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Title: Bridging an allied health ‘know-do’ gap on delivering community-based group health programs with technology – an integrated knowledge translation approach.
Author: Bishop, Jaclyn L.
Quilliam, C.
King, R.
Wong Shee, Anna
Issue Date: 2021
Conference Name: 14th National Allied Health Conference (NAHC)
Conference Date: August 9-12
Conference Place: Online
Abstract: Background: The risk of COVID-19 transmission from face-to-face activities means alternative ways to deliver community-based group health programs (‘group programs’) are needed. Allied health practitioners at two regional health services (knowledge-partners) and local researchers adopted an Integrated Knowledge Translation (iKT) approach to review the evidence on delivering group programs with technology. This study captured knowledge-partner and researcher experiences of iKT. Method: A survey designed to explore the components of iKT was distributed to all knowledge-partners who participated in at least one iKT activity (n=25). Semi-structured interview invitations were extended to the same knowledge-partners and participating researchers (n=5). These interviews explored in depth the partnering process and perceived impact of iKT. The interviews were recorded, transcribed verbatim and analysed thematically. Findings: Six surveys and ten interviews were completed. Knowledge-partners and researchers viewed the iKT experience positively, with a strong shared urgency and purpose in answering a time-sensitive, practice relevant question. The language used by both knowledge-partners and researchers suggested that iKT was challenging to implement, due to knowledge-partner clinical workload and urgency of the research question. This resulted in a more consultative than integrated process, with greater perceived involvement by knowledge-partners in the earlier stages of iKT (shaping the research question, data collection) compared to later stages (interpreting the study findings/crafting messaging). Conclusion: Achieving fully integrated knowledge translation was challenging given the time-sensitive nature of the allied health evidence-practice gap, however the process was highly valued and beneficial for both knowledge-partners and researchers.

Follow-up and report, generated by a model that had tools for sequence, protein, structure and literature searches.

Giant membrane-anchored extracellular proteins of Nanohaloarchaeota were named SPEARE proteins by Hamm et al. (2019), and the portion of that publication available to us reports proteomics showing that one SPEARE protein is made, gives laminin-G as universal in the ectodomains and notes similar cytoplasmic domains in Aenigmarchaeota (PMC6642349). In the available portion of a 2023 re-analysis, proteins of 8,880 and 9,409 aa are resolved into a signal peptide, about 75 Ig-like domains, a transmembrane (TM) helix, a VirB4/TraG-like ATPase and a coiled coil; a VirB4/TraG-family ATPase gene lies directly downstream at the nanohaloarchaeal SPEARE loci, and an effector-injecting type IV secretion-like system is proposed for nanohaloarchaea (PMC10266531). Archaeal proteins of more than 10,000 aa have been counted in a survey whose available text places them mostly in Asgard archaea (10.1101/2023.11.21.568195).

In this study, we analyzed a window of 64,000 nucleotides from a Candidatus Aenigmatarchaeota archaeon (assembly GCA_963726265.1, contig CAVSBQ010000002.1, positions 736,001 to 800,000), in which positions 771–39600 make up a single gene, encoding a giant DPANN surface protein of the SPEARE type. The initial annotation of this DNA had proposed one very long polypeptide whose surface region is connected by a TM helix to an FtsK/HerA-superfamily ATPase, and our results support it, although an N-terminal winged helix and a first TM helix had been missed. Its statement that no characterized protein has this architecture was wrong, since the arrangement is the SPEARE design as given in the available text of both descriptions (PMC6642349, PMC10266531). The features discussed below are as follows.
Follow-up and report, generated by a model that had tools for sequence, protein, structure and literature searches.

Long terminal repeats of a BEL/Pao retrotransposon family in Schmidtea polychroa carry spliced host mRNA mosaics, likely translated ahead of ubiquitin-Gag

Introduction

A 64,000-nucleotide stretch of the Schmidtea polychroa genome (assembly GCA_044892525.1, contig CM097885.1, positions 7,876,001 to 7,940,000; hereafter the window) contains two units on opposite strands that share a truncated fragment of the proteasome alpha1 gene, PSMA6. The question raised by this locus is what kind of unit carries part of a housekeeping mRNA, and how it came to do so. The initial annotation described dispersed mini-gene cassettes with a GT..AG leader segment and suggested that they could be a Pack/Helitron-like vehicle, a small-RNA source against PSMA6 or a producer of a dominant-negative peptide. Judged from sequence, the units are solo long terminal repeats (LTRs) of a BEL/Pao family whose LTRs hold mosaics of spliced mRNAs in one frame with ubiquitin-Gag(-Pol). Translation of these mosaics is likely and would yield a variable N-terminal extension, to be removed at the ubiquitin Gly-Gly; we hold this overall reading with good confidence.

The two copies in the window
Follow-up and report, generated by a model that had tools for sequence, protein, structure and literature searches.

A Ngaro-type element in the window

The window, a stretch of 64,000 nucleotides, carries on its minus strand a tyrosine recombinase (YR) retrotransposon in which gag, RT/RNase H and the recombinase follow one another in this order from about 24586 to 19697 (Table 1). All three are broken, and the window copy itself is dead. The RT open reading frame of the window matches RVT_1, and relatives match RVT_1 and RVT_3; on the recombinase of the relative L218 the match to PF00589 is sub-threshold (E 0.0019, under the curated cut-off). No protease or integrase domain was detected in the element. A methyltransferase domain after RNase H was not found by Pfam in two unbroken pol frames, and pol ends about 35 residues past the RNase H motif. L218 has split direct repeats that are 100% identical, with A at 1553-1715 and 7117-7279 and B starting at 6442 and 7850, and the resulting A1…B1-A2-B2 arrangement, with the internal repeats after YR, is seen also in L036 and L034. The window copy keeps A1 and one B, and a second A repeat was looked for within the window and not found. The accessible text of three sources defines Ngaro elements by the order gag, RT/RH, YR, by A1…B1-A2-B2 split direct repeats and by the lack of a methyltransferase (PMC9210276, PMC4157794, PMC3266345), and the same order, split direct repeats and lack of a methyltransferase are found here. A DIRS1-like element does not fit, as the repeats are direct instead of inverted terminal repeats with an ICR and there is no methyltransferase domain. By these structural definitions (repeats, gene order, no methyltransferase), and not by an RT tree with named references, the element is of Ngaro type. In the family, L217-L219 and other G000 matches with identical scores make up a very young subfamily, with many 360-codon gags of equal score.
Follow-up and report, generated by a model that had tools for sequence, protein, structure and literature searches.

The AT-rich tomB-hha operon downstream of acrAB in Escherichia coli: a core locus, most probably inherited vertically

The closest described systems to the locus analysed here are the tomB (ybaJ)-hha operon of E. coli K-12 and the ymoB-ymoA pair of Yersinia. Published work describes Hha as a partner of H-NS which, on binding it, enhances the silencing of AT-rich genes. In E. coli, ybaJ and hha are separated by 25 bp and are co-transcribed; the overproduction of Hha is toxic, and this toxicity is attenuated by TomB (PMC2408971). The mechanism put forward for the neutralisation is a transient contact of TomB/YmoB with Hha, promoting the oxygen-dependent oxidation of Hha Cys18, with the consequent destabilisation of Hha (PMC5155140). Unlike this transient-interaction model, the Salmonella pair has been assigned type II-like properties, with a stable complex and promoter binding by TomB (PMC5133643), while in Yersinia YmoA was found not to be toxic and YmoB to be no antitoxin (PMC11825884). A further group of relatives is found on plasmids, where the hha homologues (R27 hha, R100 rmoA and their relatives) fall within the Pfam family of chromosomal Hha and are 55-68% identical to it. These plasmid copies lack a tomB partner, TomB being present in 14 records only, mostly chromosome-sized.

Internal ID Number: 01749
Health Subject: ALLIED HEALTH
Type: Conference
Appears in Collections:Research Output

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